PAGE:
Tonight is opening night at Theatricum Botanicum for Tone Clusters, a one act play by Joyce Carol Oates for which I served as scenographer. The production stars real-life husband and wife duo, Alan Blumenfeld and Katherine James, playing a married couple who are forced, on camera, to address the fact that their oldest son may have murdered a neighborhood girl. It's a remarkably prescient work, in my opinion. Written in 1990, the play presents an absurdist-- yet uncomfortably accurate-- picture of the increasingly blurry boundaries found between news and entertainment and the ways in which contemporary society can commodify personal tragedy.
Alan and Katherine gave a terrific interview about the show to The LA Stage Times, (which you can read in full by clicking here ). AB and KJ spend a bit of the interview discussing my set and the ways in which live media has impacted their performance and the meaning of the show:
James explains, “When you read the play, it is placed indoors, very black box. But at Theatricum, you are outdoors. So, our designer, Sam Gold, has created this space where there are burnt-out old televisions everywhere. We’re sitting in armchairs and behind us there is this giant video screen on which video is projected during the show. Then there are cameras — one on Alan and one on me — that have a live feed to live monitors onstage the whole time.”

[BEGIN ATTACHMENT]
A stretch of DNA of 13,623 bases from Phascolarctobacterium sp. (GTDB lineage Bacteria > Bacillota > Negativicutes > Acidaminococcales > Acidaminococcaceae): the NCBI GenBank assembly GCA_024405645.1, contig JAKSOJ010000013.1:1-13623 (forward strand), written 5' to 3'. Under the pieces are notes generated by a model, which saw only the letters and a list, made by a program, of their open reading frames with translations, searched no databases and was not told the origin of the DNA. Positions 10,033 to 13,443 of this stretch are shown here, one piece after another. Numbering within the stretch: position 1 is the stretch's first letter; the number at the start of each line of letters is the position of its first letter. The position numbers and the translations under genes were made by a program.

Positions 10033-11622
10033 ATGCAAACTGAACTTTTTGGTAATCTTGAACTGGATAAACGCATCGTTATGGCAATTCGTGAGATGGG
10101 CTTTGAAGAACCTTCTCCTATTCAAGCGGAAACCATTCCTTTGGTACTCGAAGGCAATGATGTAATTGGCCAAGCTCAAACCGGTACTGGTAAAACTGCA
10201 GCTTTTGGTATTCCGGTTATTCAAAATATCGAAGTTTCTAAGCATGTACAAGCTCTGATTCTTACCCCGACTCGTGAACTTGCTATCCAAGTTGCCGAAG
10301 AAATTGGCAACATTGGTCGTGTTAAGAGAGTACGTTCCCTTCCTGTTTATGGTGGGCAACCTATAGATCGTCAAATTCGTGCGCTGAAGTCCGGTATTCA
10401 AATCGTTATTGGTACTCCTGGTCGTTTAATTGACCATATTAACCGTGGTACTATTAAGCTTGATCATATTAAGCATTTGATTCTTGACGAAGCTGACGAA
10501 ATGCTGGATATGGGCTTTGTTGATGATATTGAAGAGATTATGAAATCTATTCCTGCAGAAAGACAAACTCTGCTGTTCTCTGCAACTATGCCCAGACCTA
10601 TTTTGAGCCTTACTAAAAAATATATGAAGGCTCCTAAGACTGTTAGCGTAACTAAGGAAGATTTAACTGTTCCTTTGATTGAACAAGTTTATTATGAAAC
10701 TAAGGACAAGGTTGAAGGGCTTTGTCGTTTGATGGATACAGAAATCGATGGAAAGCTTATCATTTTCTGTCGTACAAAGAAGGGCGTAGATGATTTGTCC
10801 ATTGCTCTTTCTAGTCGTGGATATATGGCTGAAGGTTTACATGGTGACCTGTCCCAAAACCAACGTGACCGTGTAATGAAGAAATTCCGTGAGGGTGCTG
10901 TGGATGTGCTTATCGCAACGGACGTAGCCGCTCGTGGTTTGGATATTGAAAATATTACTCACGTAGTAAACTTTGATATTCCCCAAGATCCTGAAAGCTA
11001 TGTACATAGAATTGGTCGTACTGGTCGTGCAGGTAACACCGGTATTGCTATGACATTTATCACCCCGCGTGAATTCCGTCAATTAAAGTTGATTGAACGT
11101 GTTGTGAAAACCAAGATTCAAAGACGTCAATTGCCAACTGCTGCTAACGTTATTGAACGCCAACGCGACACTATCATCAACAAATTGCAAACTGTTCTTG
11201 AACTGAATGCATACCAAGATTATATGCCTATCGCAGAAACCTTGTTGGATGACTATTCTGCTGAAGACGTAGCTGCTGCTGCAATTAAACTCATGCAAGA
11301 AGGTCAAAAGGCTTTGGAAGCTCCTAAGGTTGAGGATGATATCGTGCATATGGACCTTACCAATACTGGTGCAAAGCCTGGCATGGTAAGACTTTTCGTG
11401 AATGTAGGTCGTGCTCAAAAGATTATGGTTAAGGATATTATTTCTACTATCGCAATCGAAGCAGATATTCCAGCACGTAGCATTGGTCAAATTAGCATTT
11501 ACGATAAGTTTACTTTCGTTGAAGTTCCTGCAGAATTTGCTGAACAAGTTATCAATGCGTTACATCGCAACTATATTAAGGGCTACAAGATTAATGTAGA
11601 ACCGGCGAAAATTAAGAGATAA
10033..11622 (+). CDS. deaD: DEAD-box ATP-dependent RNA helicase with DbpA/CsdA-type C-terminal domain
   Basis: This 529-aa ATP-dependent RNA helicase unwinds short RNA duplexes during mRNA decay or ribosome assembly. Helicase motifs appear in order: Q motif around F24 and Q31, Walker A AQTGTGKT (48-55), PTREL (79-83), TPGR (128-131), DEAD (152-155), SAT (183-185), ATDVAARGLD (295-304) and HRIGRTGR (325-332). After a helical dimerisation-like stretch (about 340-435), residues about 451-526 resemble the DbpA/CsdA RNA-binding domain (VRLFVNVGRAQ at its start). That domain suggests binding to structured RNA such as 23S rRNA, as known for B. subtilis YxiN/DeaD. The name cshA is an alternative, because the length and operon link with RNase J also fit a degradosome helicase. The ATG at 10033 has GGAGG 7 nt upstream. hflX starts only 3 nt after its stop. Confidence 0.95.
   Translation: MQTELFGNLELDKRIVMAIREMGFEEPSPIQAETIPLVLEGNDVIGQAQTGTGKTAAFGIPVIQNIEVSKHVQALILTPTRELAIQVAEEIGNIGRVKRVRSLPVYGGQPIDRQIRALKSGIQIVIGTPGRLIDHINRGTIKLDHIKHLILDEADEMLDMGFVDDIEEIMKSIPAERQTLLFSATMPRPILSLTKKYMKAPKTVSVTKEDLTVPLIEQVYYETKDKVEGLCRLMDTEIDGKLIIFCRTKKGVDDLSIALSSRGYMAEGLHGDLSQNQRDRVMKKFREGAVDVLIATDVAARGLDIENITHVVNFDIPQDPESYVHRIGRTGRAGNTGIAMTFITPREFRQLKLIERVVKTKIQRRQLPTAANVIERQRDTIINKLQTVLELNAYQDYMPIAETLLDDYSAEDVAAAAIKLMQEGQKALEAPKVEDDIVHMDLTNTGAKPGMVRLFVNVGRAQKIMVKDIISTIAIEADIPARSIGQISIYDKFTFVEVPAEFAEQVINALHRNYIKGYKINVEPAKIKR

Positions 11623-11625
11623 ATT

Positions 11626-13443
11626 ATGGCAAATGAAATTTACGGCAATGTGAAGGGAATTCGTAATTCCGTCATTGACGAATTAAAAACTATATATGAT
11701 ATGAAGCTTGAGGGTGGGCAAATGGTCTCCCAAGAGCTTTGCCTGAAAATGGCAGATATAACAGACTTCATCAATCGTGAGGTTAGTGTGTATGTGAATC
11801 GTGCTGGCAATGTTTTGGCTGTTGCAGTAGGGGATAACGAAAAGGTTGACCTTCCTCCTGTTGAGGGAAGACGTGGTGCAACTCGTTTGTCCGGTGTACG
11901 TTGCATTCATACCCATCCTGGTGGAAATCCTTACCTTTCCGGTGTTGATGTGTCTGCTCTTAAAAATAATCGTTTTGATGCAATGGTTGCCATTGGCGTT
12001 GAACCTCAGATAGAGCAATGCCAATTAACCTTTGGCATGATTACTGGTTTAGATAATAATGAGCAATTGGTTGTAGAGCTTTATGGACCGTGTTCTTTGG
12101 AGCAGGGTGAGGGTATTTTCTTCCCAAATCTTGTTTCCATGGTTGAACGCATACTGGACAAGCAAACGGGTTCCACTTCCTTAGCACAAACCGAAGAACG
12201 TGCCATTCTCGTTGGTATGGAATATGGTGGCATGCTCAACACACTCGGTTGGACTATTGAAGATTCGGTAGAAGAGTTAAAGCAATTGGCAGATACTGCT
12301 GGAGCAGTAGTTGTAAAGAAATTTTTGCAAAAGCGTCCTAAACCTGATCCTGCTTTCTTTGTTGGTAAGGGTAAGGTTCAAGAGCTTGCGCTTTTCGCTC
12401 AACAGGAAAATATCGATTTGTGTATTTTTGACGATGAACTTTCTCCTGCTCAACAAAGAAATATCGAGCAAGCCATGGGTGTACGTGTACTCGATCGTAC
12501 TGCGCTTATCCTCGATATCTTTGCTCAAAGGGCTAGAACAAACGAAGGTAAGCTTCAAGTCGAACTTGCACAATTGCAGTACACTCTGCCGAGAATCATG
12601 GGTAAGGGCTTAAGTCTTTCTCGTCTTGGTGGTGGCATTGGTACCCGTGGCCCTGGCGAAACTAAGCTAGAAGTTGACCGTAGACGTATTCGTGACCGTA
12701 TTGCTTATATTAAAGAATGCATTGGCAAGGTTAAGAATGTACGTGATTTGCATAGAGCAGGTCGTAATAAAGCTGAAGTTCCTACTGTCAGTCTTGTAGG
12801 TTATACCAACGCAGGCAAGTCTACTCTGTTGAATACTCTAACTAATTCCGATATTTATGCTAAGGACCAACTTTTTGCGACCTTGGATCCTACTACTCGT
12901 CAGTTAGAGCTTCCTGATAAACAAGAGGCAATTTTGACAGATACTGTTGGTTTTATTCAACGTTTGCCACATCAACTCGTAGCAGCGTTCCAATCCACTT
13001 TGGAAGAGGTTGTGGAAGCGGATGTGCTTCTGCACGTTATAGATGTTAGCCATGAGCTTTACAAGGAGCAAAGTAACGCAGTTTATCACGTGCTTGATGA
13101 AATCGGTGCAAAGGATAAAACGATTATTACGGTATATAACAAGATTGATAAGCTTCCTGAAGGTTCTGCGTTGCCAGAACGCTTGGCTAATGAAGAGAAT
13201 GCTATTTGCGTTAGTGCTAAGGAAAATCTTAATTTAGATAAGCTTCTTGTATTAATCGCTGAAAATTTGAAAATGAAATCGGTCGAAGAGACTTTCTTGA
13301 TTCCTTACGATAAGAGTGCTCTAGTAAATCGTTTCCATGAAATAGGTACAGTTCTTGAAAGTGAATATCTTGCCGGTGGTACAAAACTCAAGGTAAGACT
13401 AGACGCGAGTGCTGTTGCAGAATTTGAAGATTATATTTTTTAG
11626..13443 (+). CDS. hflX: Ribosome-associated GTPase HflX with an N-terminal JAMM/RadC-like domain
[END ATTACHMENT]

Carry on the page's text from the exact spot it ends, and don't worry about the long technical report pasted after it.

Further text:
Blumenfeld interjects, “It feels like there is movement because there are always cameras in our faces. In a weird way, because of the projected images, it feels like there are four characters instead of just the two of us. And then there is this disembodied voice interviewing us that takes on many different characteristics. The voice is played by the marvelous Jeff Wiesen, who is such an extraordinary actor. I am curious as to where the attention of the audience members will be drawn. It is such a small space and the live characters will be right in front of them — but will the audience be more interested in the images on the screen? What is its draw? And ultimately, that’s one of the messages of the show.”
I wish I was back in LA tonight to catch the show's opening, but I left for New York last week. As a result, I don't have any pictures of the show to share, but I'm hoping to get some soon!
In the meantime, wheels are turning here on the East Coast, where I'm gearing up for the premiere of Echo In Camera at La MaMa later this Fall. Here's me checking out the Ellen Stewart Theatre for the first time:
A lot of history in that building...
But more on that later!
Right now, If you're in the LA area, I highly recommend checking out Tone Clusters. I caught a run-through two weeks ago and, even back then, Alan and Katherine were giving fantastic performances. I can only imagine how strong they've become since then. This isn't a show you'll want to miss!
You can buy tickets here.